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Chapter 8 : What Happened to Pz?

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Abstract:

After the liberation, in 1945, Jacques Monod joined André Lwoff’s laboratory at the Pasteur Institute. The organizers of a symposium had asked the author to trace in a personal way the contributions of Monod to the origins of their present concept of induced enzyme synthesis. The key to the power of these Monod theories, 1947, 1961, or 1965, was simply that they were physiological-level theories capable of reductionism; that is to say, they were capable of an analysis at the level of chemistry. The author believes that Monod had one of the most creative minds of our time because he had one of the most creative minds simply because he thought deeply, ascetically, about how knowledge is acquired; and it is this process that he insisted should be the only basis for a system of ethical and aesthetic values.

Citation: Pappenheimer, Jr. A. 2003. What Happened to Pz?, p 69-75. In Ullmann A (ed), Origins of Molecular Biology. ASM Press, Washington, DC. doi: 10.1128/9781555817763.ch8

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Citation: Pappenheimer, Jr. A. 2003. What Happened to Pz?, p 69-75. In Ullmann A (ed), Origins of Molecular Biology. ASM Press, Washington, DC. doi: 10.1128/9781555817763.ch8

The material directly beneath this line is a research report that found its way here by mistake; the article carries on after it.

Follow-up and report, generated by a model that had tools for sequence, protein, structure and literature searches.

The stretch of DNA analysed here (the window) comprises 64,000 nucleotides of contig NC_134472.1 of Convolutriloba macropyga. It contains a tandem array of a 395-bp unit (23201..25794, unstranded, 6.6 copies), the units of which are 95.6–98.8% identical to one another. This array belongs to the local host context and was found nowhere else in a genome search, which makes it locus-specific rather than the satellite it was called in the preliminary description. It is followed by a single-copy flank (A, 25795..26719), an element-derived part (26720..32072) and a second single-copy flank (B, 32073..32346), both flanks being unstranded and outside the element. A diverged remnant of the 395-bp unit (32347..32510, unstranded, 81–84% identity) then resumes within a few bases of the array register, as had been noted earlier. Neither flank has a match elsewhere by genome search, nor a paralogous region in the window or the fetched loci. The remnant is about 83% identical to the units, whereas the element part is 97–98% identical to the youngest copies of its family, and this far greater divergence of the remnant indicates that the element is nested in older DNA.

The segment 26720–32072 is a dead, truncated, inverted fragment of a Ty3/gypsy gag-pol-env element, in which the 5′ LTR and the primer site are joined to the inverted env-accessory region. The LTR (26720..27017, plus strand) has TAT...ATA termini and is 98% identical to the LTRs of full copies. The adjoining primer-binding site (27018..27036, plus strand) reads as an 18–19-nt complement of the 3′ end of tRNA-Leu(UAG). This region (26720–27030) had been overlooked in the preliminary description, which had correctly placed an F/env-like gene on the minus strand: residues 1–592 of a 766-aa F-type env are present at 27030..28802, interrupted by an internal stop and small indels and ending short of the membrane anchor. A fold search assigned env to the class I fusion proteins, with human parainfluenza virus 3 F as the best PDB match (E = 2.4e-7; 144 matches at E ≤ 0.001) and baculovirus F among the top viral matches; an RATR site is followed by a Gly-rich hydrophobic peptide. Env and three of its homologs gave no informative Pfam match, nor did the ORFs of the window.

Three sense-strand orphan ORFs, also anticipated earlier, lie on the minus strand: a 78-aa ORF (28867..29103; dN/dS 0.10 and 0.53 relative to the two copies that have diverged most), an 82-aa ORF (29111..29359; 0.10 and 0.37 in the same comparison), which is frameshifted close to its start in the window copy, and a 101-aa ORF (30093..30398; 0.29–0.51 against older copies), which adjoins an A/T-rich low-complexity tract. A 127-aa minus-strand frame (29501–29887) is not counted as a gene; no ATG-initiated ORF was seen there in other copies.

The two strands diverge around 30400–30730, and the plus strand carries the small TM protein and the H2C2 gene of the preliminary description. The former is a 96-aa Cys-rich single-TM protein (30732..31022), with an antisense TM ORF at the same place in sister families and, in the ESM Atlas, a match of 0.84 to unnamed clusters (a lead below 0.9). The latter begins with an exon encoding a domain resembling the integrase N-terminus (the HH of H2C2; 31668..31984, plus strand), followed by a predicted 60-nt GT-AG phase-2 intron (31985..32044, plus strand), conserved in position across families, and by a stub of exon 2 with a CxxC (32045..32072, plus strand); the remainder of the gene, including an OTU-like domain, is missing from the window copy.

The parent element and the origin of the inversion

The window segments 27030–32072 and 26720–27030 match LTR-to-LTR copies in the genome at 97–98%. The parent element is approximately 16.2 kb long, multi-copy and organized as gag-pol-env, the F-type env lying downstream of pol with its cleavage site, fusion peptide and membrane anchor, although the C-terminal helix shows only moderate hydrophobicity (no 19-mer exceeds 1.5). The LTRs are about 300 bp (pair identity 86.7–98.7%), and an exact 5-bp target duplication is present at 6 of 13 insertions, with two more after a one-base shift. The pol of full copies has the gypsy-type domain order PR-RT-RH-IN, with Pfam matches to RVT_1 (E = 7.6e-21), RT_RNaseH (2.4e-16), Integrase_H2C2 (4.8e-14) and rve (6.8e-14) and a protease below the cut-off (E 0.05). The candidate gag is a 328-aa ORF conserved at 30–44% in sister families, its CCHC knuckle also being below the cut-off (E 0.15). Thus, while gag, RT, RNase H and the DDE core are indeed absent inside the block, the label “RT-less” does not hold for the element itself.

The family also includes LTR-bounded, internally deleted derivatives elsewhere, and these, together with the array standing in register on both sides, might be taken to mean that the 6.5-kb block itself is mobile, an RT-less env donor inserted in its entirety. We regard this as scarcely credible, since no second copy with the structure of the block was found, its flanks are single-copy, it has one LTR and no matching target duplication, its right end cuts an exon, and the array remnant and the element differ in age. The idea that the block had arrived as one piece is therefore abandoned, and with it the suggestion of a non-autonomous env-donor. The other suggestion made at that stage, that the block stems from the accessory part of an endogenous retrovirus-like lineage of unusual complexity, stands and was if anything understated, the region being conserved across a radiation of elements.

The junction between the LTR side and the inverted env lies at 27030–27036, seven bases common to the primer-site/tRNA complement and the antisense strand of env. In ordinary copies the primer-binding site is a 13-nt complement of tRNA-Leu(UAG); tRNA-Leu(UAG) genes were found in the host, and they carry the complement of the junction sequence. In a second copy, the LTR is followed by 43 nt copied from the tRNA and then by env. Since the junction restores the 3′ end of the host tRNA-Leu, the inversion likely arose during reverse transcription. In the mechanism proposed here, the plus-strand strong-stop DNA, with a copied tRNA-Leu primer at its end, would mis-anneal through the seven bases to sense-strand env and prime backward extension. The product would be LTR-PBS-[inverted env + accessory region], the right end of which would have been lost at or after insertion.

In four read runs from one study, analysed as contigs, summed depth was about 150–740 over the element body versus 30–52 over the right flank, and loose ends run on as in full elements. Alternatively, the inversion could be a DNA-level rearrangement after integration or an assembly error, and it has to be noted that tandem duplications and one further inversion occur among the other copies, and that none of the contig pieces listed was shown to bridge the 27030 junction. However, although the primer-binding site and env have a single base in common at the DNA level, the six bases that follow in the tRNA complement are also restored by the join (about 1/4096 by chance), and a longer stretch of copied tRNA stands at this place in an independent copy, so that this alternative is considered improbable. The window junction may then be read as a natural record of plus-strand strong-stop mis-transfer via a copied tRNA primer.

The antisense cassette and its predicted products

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References

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1. Lwoff, A. 1946. Cold Spring Harbor Symp. Quant. Biol. 11, 139.
2. Pappenheimer, A. M., Jr., 1971. In J. Monod, and E. Borek (ed.), Of Microbes and Life. Columbia University Press, New York, N.Y.
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7. Monod, J.,, Pappenheimer, A. M., Jr.,, and Cohen-Bazire, G. 1952. Biochim. Biophys. Acta, 9, 648.
8. Hogness, D. S.,, Cohn, M.,, and Monod, J. 1955. Biochim. Biophys. Acta, 16, 99.
9. Cohn, M.,, Lennox, E.,, and Spiegelman, S. 1960. Biochim. Biophys. Acta, 39, 255.
10. Erickson, R. P.,, and Steers, E., Jr. 1972. Immunochemistry, 9, 29.
11. Zipkas, D.,, and Riley, H. 1975. Proc. Natl. Acad. Sci. USA, 72, 1354.
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13. Campbell, J. H.,, Lengyel, J. A.,, and Langridge, J. 1973. Proc. Natl. Acad. Sci. USA, 70, 1841.
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